Secretary of Education Lillian M. Lowery announced today that the Delaware Department of Education will freeze more than $11 million in federal Race to the Top (RTTT) dollars previously dedicated to the Christina School District. This action follows the Christina School Board’s vote Tuesday not to honor its agreement to implement its own previously approved reform plan at two of Delaware's lowest-performing schools.
In addition to the more than $11 million in reform dollars, the district will also lose out on programs paid for with the state's portion of RTTT funding. The Department also is reviewing what other fiscal and regulatory impacts could result from Christina’s actions.
“Over the last three years, the average math and English Language Arts proficiency for students at Stubbs Elementary School has declined from 54.65% in 2008 to only 40.42% in 2010. Similarly, at Glasgow High School, the math and English Language Arts average proficiency declined from 41.28% in 2008 to 35.59% in 2010.” Lowery said. “We have a moral obligation to these children to do better for them, and the school board’s recent action retreats from that obligation.”
“We hope Christina’s leadership will come back to the table and return to the work they pledged to complete,” Lowery said. “The children in these struggling schools are counting on them to do so.”
Because of the long-term failure of both schools to meet the needs of Delaware's students, reform is needed.
In September, the state selected Christina’s Glasgow High and Stubbs Elementary schools as two of the first four schools in the state’s new Partnership Zone. Six more schools will be named this summer. As a key component of Delaware’s $119 Race to the Top plan, the Partnership Zone targets the state’s lowest performing schools with additional financial resources and technical assistance to implement aggressive reforms. Each school’s leadership chose a reform method and locally drafted a plan. Former Secretary Lowery approved those local plans in January.
Christina chose the transformation model for both of its schools. Among other important changes -- including shifts in curricula, the addition of content-specific academies, extended instructional hours and intense intervention models – the plan developed by the district calls for school leadership and staff to re-interview for positions. Those not invited back would be moved to a position in another building that better complemented their talents. No teacher would lose any salary, benefits or seniority.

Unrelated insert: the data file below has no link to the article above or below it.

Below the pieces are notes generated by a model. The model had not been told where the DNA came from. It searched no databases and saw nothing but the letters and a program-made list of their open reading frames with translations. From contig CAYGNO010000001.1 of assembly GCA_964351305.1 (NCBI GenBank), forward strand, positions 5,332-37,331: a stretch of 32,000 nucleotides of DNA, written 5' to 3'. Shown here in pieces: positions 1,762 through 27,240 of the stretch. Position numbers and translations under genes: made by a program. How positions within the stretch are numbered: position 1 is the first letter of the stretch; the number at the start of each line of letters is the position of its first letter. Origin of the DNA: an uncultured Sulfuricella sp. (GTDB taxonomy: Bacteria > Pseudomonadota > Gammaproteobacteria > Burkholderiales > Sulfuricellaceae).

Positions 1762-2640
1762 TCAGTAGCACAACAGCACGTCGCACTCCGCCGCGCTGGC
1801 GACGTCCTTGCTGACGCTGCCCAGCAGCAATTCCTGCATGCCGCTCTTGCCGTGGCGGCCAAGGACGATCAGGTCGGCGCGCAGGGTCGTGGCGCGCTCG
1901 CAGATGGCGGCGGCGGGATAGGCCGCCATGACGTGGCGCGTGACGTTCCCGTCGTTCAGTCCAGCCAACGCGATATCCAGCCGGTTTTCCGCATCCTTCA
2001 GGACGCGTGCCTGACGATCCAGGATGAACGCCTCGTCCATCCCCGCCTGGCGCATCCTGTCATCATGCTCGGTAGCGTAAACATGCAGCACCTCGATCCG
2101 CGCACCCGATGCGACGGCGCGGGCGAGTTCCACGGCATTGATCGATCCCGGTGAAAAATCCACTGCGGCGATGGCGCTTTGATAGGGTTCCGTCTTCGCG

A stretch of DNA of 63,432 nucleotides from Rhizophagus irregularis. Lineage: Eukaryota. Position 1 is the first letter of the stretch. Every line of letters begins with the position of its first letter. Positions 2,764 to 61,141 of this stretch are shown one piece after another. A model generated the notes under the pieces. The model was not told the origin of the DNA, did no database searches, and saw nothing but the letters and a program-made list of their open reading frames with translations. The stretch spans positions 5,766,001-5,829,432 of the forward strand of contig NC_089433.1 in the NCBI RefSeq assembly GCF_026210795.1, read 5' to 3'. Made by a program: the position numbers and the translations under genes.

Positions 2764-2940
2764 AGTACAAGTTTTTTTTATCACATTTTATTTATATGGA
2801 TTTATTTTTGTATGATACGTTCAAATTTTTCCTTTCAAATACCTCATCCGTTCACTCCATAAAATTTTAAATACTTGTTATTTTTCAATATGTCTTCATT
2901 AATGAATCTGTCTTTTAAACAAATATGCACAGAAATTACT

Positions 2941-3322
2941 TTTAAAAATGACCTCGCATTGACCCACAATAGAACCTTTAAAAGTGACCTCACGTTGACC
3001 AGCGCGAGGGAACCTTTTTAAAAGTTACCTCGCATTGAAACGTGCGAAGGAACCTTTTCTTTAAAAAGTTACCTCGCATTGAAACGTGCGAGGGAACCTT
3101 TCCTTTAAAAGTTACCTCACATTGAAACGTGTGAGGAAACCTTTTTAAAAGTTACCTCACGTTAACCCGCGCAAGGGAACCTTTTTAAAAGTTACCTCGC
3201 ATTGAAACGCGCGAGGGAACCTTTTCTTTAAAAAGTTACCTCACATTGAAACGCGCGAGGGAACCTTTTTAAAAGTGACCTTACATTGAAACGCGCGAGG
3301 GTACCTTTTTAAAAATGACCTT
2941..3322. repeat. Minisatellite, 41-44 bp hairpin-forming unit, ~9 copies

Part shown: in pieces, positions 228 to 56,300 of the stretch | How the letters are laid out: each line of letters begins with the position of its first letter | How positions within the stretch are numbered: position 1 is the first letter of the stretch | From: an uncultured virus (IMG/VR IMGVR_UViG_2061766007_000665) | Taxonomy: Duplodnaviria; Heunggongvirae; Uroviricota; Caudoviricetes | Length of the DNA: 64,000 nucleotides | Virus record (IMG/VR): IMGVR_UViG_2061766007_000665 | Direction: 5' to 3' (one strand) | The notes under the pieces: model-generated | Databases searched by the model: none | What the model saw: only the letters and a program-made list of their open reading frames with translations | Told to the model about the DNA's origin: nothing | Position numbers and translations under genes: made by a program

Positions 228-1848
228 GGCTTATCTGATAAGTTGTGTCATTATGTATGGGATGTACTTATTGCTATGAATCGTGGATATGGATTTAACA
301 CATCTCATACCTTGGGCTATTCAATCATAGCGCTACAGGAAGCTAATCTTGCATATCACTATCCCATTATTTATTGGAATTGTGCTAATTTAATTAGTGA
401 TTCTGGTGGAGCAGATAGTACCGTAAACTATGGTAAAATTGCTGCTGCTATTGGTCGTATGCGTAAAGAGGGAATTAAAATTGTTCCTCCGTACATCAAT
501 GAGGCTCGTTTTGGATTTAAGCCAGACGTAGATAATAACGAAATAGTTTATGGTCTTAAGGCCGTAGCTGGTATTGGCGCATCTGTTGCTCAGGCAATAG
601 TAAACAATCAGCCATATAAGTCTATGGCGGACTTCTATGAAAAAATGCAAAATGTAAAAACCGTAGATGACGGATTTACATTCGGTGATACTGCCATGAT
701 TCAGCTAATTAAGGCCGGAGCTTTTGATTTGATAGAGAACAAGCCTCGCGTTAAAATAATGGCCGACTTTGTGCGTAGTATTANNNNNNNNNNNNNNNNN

Christina, with the support of its teacher union, created a process for that selection that included a review panel dominated by teacher and local administrative representation. The district followed the process with fidelity, but on Tuesday, the school board voted not to accept the results of that process and to return teachers to their original classrooms.
“The staffing process in dispute was outlined in an agreement that Christina’s leadership crafted, signed off on, and was charged with implementing,” Lowery said. “After implementing the process they agreed to, the Christina School Board now wants to change those rules. That’s not fair to anyone, particularly the students who could lose out.”
“The Christina School District developed its reform plan and sought federal/state financial assistance to make the plan a reality. The Christina School Board now seeks to back away from the very plan that resulted in the awarding of these funds.”
Lowery said she understands that real reform is going to bring push back.
“Change is hard, but it’s the only way to get different results,” she said. “Our children can’t afford for us to stick with the status quo because it’s easier or more comfortable. They deserve better, and as leaders, it’s our job to give them better.”
Delaware Department of Education
401 Federal Street, Suite #2
Dover, Delaware 19901
Phone: (302) 735-4035
Fax: (302) 739-4654
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